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Old 08-27-2013, 11:08 AM   #136
Joined: Mar 2011
Location: Denmark
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Good math

Very true on the math.
Though that always seemed obvious.
I do not feel safe racing towards a moving, possibly inattentive or worse, vehicle at high speeds, only to find that they will suddenly try to block my path.
The shorter my encounter with those potential dangers the better.
Getting a little closer before you pass, may alert them, but also gives you a chance to read them.
Good post wraith...
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Old 08-27-2013, 06:38 PM   #137
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Wraith, thank you for taking the trouble to do the mathematics.

As you know, half-acceleration x time squared is the relevant basis for regarding relative speeds & distances.
But we have to be careful to avoid the GIGO effect.
A lot depends on how realistic the situation is.

Initial distance is crucial.
Earlier I mentioned "tailgaters" as starting from 40' back ~ this is not an out-of-the-air figure, but what I see everywhere out on country roads. The potential overtaker (car or bike) sits 2 car-lengths behind the front car . . . peeping around to see if the road is clear . . . then, eventually, "flooring it" and gradually overtaking.
That is why I use 40' [12m] at Time Zero.

Your high-powered bike gaining at 6.4 m/sec/sec [ 0.65 gee ] will, from 40' gain 28mph by the time your front wheel is reaching level with the car's rear fender, and nearly 37mph by the time your rear wheel clears past the car's front fender.
That is, very close to 9m distance [ = car + bike length ] . . . at an average speed of 32 mph . . . equals 0.63 seconds of "parallelarity danger" (if such a term exists).
Fairly straightforward . . . provided we ignore all the possible complications of reaction times & malicious intent by the driver, of course.

Now add 15mph to your average speed, and you are down to 0.43 seconds of overlap.
Yes, only 0.2 sec less . . . but that is a one-third reduction.

Most of us are not riding a 100+ horsepower [ 101+ Pferdestaerke, if you must ] sports bike . . . and where our own difference will be much bigger than one-third.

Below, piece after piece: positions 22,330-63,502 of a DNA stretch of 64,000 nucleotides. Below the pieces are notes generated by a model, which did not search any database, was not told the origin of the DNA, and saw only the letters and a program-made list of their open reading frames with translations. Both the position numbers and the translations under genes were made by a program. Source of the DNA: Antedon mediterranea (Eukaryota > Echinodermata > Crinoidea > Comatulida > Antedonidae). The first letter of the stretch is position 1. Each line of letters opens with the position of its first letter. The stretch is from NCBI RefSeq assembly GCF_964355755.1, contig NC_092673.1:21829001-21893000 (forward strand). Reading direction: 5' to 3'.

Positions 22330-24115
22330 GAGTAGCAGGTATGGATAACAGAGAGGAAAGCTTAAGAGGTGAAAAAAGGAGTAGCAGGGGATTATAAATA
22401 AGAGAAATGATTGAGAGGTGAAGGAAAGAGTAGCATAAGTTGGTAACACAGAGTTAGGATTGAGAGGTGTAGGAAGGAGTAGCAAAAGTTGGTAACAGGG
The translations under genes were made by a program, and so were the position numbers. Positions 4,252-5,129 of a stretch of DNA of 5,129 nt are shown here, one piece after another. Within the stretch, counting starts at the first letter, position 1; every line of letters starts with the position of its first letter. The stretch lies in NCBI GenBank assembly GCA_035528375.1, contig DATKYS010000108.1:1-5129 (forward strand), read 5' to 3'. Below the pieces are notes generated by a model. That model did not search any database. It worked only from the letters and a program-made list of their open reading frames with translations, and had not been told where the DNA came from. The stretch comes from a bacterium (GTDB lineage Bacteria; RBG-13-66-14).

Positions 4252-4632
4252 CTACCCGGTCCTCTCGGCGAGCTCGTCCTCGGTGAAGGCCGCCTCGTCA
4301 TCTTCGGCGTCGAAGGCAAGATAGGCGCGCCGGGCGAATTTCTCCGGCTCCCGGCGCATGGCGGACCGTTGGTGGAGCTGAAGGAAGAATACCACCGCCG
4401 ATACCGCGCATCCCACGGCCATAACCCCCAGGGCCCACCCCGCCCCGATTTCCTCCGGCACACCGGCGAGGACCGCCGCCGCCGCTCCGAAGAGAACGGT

(Now look how the average relatively low-power car does the overtake . . . and the figures blow out enormously. And we see it everywhere!! Almost clueless drivers ~ and they think it's the "right" way to do it.)

Wraith, I am glad that you actually start your move from much further back ~ 22m [ 70' ] is a much safer starting position, even when you have a seriously quick bike which can make 0.65 gee in second gear.
I had earlier suggested 100' back, partly to suit lower-powered bikes and partly because the greater distance is more soothing & lulling for the driver in front. Perhaps even further back would be better ! (And certainly so for general braking/ reaction purposes.)

My apologies for the jumble of metric/ Imperial/ fps units.
Should all speedometers be calibrated in meters-per-second?
Though feet-per-second would probably look suitably more alarming to the average driver, who typically fails to appreciate the harsh realities of time & distance.
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Old 08-29-2013, 05:12 PM   #138
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Despite the benefits of a fast pass giving an easier overtake [road-space up ahead] and less time overlapping/ parallel to the car . . . the biggest advantage of a sneaky-quick pass (starting 100+ feet back) is psychological.

Since you are steadily riding "way back there", you are (mostly) not giving the strong impression that you are "pushing" or challenging the car driver who is in front. He may well be a potentially malicious Blocker, but his suspicions are a lot lower and he won't be watching you in his mirrors like a hawk.
You have an excellent chance of being beside him (and out of reach of his swerving reaction time) before he realises what you have done.

Of course, keep yourself well wide during the critical stages of the pass ~ but don't go too wide too early : you are wanting to use what the SMIDSY-aware riders call "the zooming effect" to camouflage your initial actions.
And flick on your turn-indicator just as you go by, to help give the idea that you had politely had it blinking from the start . . .

A good procedure for the single rider.
But a group of 2 or more riders were always going to have problems with Mr Malicious.
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Old 08-30-2013, 07:36 PM   #139
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